By Scott Littlefield MS, CN, CISSN
That extra cup of coffee, scoop of pre-workout, or energy shot could derail your baseball career.
One, caffeine is technically a banned substance by the NCAA. Two, the jitters, anxiety, and stomach upset it can cause in some players is not what you want as you stand in the box down by one with a runner on 3rd.
Why then do so many older youth, high school and MLB players use caffeine? In low to moderate doses – 200 to 300 milligrams, or the amount found in about 2 cups of coffee – caffeine can help you train harder and focus better… and also will not trigger a positive drug test since the NCAA only penalizes exceedingly high urinary caffeine concentrations (achieved by 5 or more cups of coffee).
When it comes to caffeine, there is a fine line between performance benefit and detriment. For many, it can be a strong performance aid, but it comes down to the individual as well as how much, when, and how you get it.
One of the ways that caffeine works is by competitive inhibition of adenosine receptors in the brain that influence perceptions of fatigue. In other words, caffeine can increase your fatigue threshold, allowing you to work harder for longer. That means faster gains from strength and speed training, and stronger swings or pitches late in games.
Caffeine is widely consumed for its ability to enhance concentration and alertness, which is why so many tired parents rely on that cup of coffee to get through their morning at work. These same effects may help improve play during games when the abilities to concentrate and remain alert are crucial.
But, when players find themselves continually relying on caffeine just to get them through morning classes, workouts, practices or games, that is a strong indicator of inadequate sleep, poor sleep quality, or sub-optimal diet – all three of which drastically increase a player’s risk of injury and handicap his/her ability to perform and improve, no matter how much coffee he/she drinks.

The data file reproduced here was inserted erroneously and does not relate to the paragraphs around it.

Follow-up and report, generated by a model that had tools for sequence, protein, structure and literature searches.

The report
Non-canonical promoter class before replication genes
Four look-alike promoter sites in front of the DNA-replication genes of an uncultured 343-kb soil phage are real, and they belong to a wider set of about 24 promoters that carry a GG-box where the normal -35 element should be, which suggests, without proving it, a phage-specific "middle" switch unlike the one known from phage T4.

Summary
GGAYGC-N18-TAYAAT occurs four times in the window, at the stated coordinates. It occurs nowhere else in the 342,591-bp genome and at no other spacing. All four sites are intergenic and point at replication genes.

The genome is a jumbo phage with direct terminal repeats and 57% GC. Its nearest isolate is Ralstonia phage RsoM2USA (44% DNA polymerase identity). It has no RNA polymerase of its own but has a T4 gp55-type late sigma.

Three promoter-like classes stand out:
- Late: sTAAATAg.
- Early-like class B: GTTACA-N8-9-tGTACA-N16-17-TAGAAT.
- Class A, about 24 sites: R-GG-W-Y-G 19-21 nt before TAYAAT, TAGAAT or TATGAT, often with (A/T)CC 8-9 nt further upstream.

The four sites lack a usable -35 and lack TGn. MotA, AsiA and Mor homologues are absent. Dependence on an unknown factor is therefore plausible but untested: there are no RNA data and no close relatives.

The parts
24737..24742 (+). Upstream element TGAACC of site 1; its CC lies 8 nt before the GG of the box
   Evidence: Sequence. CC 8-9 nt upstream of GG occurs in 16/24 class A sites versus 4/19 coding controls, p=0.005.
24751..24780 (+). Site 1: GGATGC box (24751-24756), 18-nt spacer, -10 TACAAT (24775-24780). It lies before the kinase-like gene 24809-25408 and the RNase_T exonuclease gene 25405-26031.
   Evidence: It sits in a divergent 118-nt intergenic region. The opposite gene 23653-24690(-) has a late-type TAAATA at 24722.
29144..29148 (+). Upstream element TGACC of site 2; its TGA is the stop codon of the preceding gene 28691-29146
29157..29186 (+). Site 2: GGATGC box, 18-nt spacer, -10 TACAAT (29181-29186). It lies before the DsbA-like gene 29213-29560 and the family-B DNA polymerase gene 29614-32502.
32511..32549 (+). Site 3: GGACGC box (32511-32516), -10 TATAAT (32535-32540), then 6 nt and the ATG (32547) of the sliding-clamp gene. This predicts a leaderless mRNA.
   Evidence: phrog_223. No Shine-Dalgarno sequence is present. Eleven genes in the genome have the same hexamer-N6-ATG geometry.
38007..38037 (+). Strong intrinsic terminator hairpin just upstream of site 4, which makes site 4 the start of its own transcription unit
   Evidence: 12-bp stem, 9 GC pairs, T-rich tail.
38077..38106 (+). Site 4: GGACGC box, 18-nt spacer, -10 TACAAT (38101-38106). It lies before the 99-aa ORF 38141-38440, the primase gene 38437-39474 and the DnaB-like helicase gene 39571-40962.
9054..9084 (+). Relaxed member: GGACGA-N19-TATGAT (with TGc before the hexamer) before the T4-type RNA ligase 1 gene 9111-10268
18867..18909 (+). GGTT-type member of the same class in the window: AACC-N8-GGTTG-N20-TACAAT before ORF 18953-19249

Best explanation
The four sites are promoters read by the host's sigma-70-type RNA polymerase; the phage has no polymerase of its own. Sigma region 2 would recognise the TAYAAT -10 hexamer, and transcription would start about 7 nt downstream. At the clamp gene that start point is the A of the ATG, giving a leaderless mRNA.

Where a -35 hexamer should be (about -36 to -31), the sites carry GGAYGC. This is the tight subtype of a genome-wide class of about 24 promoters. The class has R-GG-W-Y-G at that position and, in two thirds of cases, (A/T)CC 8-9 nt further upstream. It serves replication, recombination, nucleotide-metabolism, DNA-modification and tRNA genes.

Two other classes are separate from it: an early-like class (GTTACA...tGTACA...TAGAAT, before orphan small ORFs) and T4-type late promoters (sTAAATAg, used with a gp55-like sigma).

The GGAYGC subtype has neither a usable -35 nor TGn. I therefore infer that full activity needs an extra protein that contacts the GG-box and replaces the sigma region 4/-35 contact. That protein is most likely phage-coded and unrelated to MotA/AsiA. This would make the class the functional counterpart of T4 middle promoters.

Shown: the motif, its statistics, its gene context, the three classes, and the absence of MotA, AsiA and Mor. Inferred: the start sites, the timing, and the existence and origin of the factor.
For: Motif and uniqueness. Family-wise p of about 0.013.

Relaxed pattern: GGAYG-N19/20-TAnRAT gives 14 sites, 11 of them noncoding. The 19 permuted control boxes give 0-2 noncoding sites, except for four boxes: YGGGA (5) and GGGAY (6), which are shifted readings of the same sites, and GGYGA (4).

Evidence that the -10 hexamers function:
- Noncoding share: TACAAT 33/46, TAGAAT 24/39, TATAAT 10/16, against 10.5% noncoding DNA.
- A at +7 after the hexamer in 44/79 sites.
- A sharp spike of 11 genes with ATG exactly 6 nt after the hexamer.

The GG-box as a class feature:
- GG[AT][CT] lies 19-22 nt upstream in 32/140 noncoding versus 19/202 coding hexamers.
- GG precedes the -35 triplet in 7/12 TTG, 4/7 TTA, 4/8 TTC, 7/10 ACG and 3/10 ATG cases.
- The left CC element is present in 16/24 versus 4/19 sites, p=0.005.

In addition to masking underlying challenges for ball players, the effects of caffeine for some are not all good and may actually negate performance benefits. A few players report high levels of the jitters, agitation, anxiety and an upset stomach with caffeine or coffee ingestion. This is why we always have players test new nutrition protocols in practices as opposed to games and adjust as necessary.
Furthermore, exciting research to be published this year from researchers at the University of Toronto shows that your genes actually influence your response to caffeine. Depending on which of the three genotypes you have for the CYP1A2 enzyme that metabolizes caffeine, you may improve, reduce, or see no change in high intensity performance with caffeine ingestion.
The impacts of caffeine on performance depend on many factors, including timing, amount, form, diet, training, and genotype. A qualified nutritionist should monitor a ball player’s diet and supplements to support optimal health, safety, and performance.
For increasing feelings of energy and reducing fatigue, it’s best to get caffeine from 1-3 cups of coffee (iced coffee is a fine option, too). It should be ingested 15-60 minutes pre-exercise and be accounted for in your pre-exercise fuel plan. Consuming caffeine more than 3 times per week can reduce the beneficial effects as your body becomes more tolerant of it. Additionally, most players have trouble falling asleep if caffeine is ingested prior to afternoon or evening events.
Beware of energy drinks and caffeine supplements: in addition to being a quagmire for banned substances and harmful ingredients, they can contain additional food sources of caffeine that are not accounted for, which might be too much for you (or the NCAA).
Questions/comments can be sent to Scott@ViTLnutrition.com
Scott is a nutritionist at and co-founder of ViTL Nutrition – a nutrition counseling practice outside of Seattle, Washington. He works with athletes and teams to optimize performance by transforming the science of nutrition into individualized strategies and delicious foods. He is also the co-creator of the award-winning Baseball Nutrition Institute – an online and mobile nutrition system designed to empower elite ball players to take control of their performance without breaking the bank.